Essay on Black Boy by Richard Wright

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Black Boy by Richard Wright Summary November 25, 2012 Black Boy is an autobiography of Richard Wright who grew up in the backwoods of Mississippi. He lived in poverty, hunger, fear, and hatred. He lied, stole, and had rage towards those around him; at six he was a "drunkard," hanging about in taverns. He was surrounded on one side by whites who were either indifferent to him, pitying, or cruel, and on the other by blacks who resented anyone trying to rise above the common people who were slaves or struggling. The book opens with Richard who is 4 years old at the time, who is required by his mother to sit still and quiet while his grandmother lays in the next room very sick. Richard is bored and sticks a broom in the fireplace then…show more content…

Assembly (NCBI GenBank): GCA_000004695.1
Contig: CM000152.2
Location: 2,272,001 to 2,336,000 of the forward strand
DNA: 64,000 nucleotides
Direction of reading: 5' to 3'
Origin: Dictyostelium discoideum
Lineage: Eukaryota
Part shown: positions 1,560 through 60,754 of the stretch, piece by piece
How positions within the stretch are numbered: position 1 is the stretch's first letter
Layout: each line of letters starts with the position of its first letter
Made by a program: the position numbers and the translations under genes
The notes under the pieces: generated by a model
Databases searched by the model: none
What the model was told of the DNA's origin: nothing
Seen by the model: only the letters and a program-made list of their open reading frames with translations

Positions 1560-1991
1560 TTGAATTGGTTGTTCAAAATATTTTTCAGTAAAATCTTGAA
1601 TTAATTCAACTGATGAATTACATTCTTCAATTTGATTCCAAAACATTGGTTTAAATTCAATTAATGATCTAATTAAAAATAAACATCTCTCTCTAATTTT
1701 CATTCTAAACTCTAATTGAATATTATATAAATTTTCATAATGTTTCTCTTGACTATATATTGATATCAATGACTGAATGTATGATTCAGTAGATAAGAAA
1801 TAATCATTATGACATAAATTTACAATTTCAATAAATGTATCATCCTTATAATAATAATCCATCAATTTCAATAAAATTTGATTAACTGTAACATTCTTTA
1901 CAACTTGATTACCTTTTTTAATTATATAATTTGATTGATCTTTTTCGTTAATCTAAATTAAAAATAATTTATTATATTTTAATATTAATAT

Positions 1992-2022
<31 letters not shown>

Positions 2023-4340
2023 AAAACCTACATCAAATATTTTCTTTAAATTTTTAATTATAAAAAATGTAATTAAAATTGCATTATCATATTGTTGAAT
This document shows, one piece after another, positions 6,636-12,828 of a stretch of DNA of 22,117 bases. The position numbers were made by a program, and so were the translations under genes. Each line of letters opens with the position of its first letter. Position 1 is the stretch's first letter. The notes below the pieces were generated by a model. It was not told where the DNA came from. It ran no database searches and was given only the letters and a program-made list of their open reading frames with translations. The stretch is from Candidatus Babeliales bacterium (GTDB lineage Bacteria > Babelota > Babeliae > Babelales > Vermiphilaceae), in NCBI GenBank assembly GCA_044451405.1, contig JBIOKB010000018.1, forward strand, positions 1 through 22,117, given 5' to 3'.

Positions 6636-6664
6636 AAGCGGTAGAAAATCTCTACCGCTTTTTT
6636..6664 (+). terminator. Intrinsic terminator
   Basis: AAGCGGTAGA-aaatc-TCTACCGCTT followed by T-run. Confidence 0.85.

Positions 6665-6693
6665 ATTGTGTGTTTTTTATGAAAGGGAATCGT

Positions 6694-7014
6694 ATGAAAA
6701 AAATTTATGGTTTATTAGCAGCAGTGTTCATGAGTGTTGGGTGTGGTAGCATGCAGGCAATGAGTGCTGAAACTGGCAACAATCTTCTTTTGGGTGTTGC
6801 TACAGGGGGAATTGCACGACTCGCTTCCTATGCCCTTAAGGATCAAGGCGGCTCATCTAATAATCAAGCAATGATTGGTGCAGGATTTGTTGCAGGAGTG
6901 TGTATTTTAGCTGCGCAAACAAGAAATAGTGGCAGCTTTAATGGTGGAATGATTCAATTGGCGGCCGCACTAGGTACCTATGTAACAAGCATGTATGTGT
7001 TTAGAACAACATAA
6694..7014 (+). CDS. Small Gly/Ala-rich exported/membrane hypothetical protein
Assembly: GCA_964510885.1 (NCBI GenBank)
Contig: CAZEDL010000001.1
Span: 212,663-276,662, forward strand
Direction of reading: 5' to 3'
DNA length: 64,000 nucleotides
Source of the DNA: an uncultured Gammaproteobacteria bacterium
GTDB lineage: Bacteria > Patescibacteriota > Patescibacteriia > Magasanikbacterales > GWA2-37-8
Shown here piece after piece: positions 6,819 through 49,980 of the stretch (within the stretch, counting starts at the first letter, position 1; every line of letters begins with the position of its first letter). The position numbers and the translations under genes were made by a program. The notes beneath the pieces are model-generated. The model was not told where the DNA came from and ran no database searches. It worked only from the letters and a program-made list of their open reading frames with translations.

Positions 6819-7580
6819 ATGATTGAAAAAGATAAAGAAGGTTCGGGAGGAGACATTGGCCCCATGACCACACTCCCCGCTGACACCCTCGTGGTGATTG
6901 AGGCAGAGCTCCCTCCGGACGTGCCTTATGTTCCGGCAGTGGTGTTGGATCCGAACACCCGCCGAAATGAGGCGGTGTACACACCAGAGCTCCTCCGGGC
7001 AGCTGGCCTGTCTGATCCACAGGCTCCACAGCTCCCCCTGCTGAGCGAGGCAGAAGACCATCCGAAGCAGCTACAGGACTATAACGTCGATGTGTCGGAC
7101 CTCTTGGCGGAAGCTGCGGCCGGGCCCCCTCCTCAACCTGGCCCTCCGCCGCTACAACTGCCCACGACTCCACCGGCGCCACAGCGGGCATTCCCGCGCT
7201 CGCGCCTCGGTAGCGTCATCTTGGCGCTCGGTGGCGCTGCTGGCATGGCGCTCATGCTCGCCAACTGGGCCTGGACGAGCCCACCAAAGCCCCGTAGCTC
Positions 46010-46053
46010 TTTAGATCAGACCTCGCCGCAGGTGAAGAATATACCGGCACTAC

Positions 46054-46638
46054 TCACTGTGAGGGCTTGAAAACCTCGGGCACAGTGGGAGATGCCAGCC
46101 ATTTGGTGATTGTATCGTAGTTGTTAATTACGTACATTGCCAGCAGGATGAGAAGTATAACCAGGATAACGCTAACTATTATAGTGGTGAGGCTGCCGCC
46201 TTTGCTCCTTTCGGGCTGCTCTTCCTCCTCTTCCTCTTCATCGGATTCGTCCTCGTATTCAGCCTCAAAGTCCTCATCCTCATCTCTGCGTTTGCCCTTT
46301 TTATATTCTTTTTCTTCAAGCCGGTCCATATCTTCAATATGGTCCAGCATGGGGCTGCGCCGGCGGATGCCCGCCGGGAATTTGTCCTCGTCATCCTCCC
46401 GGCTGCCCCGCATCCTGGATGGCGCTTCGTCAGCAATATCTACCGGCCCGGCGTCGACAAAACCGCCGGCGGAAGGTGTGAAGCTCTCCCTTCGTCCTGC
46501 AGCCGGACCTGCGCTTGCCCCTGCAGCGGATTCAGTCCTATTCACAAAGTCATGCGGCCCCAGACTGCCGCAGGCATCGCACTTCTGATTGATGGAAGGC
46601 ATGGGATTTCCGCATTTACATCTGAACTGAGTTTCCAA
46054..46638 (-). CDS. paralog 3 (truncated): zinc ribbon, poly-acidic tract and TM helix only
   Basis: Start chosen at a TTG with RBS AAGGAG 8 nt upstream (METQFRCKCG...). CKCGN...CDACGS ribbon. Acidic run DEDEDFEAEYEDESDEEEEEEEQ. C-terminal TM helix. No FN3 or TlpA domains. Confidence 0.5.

Richard also becomes involved with a magazine called Left Front. As time goes on Richard slowly becomes immersed in the Communist party and its ways. He finds great pleasure in organizing its writers and artists, for once in his life Richard is content and feels that a void inside of him has been filled. In the beginning Richard thinks he will find friends within the party, especially among its black members, but he finds them to be just as afraid of change as the southern whites he has grown to despise and that was the reason that he left the South in the first place. The Communists fear anyone who disagrees with their ideas, and Richard has always spoke his mind. This does not go over well with the Communist party and Richard is quickly branded a "counter-revolutionary." Richard decides that he will leave the party, and when he does he is accused of trying to lead others away from it with him. While all this is going on Richard hears of the trial of another black Communist for counter-revolutionary activity, and Richard decides to abandon the party and cut all ties off of it all together. Even after cutting all ties, he remains an "enemy" of Communism, and party members threaten him in various ways. They threaten his life and try to run him off from various jobs and gatherings. Nevertheless, he does not fight back at them because he believes they are leaning towards ideas that he agrees with: unity,

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